This past April, 74 people from across the Reformed Church gathered for a long weekend to find a way forward on “questions of human sexuality as it relates to ordination and marriage.” This unique “Special Council” had been established by last year’s General Synod on the recommendation of its president. I was a delegate at General Synod last year and spoke against the formation of the council. I said it was rash and premature, like to trying to chew on a giant jawbreaker. You just break your teeth. Give it some time to dissolve and become smaller. But the president’s proposal passed.
Among those who favored this council I heard talk like,
** We can’t sit on the fence anymore!
** It is time to decide. No more dilly-dallying!
** Once and for all, we need to take a stand.
To me, it felt like they were expecting something similar to Elijah’s contest with the prophets of Baal.
That didn’t happen. I was not a part of the special council. My view from the bleachers is that it was a tough but good time. More honesty and conversation than you might have expected, especially given the anxiety in the days before. One sign of the respect and mutuality achieved, afterwards all the participants steered away from private retellings and prickly postings on social media. But I don’t believe that many (or any) minds were changed.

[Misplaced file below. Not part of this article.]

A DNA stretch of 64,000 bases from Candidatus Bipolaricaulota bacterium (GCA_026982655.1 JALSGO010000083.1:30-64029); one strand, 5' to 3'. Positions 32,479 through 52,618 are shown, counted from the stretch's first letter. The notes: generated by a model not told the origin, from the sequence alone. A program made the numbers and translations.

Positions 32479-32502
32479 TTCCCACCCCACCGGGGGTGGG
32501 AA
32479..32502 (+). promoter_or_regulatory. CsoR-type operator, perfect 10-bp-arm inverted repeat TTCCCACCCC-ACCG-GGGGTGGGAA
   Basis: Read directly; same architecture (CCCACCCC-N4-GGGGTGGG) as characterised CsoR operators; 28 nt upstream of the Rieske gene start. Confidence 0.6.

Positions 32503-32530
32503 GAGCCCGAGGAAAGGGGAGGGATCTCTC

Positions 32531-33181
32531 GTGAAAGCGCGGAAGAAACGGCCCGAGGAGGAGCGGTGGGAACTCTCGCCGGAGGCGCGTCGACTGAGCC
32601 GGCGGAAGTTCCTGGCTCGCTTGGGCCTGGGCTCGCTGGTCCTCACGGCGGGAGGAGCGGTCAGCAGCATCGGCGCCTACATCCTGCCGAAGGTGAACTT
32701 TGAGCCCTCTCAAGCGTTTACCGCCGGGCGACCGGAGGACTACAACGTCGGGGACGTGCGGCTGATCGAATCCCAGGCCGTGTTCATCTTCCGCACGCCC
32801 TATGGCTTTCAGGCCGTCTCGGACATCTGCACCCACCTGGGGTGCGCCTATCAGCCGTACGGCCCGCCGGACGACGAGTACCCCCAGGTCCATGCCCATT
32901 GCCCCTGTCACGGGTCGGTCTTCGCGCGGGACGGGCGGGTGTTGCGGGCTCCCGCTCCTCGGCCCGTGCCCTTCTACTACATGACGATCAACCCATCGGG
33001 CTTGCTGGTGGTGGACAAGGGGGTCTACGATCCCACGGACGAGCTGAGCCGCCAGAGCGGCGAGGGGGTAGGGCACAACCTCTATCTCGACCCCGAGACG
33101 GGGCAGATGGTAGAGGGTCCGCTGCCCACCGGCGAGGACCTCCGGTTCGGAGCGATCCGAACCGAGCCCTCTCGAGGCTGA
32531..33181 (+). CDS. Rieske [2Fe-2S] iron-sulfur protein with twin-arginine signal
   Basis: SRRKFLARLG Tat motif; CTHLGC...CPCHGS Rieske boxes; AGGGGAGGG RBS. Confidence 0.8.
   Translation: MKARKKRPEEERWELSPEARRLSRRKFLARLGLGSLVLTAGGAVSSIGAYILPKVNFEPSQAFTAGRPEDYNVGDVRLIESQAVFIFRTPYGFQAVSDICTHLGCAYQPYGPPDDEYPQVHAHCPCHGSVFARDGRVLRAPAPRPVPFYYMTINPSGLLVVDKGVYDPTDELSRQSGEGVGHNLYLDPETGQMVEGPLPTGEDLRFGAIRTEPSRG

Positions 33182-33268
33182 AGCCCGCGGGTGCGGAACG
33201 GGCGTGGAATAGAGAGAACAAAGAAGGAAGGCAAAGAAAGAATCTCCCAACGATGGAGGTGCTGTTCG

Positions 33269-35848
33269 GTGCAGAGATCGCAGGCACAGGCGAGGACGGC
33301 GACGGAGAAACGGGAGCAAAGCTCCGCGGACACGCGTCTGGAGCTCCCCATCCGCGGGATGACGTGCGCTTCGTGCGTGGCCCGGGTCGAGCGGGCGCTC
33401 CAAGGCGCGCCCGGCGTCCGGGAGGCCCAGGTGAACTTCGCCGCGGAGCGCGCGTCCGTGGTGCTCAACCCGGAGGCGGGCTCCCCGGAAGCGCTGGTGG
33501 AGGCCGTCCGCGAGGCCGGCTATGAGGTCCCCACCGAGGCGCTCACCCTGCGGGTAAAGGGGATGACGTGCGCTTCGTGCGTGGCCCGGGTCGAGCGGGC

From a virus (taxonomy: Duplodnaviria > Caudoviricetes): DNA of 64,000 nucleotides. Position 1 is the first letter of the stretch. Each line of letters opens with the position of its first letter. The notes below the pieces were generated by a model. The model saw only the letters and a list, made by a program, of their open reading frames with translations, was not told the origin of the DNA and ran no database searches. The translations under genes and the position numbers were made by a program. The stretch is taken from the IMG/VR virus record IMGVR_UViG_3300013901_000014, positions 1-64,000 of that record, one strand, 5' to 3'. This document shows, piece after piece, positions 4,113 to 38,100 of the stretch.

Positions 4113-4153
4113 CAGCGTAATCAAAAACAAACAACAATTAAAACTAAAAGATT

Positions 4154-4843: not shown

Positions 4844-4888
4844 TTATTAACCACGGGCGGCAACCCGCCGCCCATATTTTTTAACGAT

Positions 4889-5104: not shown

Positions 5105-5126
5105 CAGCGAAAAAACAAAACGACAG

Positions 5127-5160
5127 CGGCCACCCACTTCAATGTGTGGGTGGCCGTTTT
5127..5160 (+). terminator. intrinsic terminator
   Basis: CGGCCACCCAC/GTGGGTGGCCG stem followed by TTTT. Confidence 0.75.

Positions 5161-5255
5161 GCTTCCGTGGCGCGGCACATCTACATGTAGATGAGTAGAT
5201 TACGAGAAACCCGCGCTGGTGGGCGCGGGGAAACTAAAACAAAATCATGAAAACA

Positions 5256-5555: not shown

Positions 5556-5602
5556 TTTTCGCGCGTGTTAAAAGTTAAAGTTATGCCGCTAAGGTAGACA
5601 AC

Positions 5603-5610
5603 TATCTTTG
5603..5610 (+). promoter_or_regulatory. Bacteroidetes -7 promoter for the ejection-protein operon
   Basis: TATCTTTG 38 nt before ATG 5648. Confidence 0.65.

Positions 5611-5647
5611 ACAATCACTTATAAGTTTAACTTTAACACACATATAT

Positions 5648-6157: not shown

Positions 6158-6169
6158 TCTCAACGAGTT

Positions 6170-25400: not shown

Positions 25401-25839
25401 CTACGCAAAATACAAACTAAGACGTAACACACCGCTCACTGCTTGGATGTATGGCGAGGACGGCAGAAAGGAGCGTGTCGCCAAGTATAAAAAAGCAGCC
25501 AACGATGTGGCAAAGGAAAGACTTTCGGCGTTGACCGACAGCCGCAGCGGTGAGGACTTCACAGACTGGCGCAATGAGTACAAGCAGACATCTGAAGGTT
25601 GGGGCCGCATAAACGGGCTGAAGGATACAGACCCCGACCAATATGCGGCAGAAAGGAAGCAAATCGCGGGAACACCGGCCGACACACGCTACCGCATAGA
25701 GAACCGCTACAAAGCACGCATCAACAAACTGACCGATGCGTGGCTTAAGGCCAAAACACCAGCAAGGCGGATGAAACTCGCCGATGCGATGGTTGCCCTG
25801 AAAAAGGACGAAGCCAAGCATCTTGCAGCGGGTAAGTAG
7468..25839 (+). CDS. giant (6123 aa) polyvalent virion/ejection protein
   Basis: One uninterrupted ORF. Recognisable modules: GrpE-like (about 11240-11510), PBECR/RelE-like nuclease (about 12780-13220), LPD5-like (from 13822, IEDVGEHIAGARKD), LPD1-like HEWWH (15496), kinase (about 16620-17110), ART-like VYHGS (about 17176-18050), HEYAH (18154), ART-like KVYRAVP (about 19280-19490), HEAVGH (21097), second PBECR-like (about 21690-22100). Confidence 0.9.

When a wise, old saint in my congregation asked what came from the special council, I shared that the process might have been stronger than the product, that conversations seemed more prevalent than conclusions. He smiled knowingly and said, “That’s the RCA.” He meant it as a compliment.
I can’t get into the specific recommendations of the special council that will come to General Synod. They are complex, and ask for further study, or the start of processes that will take years to unfold. They feel somewhat like a confusing and hurried mish-mash to me, another symptom of our artificial urgency. While I have qualms, quibbles, and reservations about them all, I am glad to report there are no fireballs from heaven or lines drawn in the sand. More time to suck on that jawbreaker.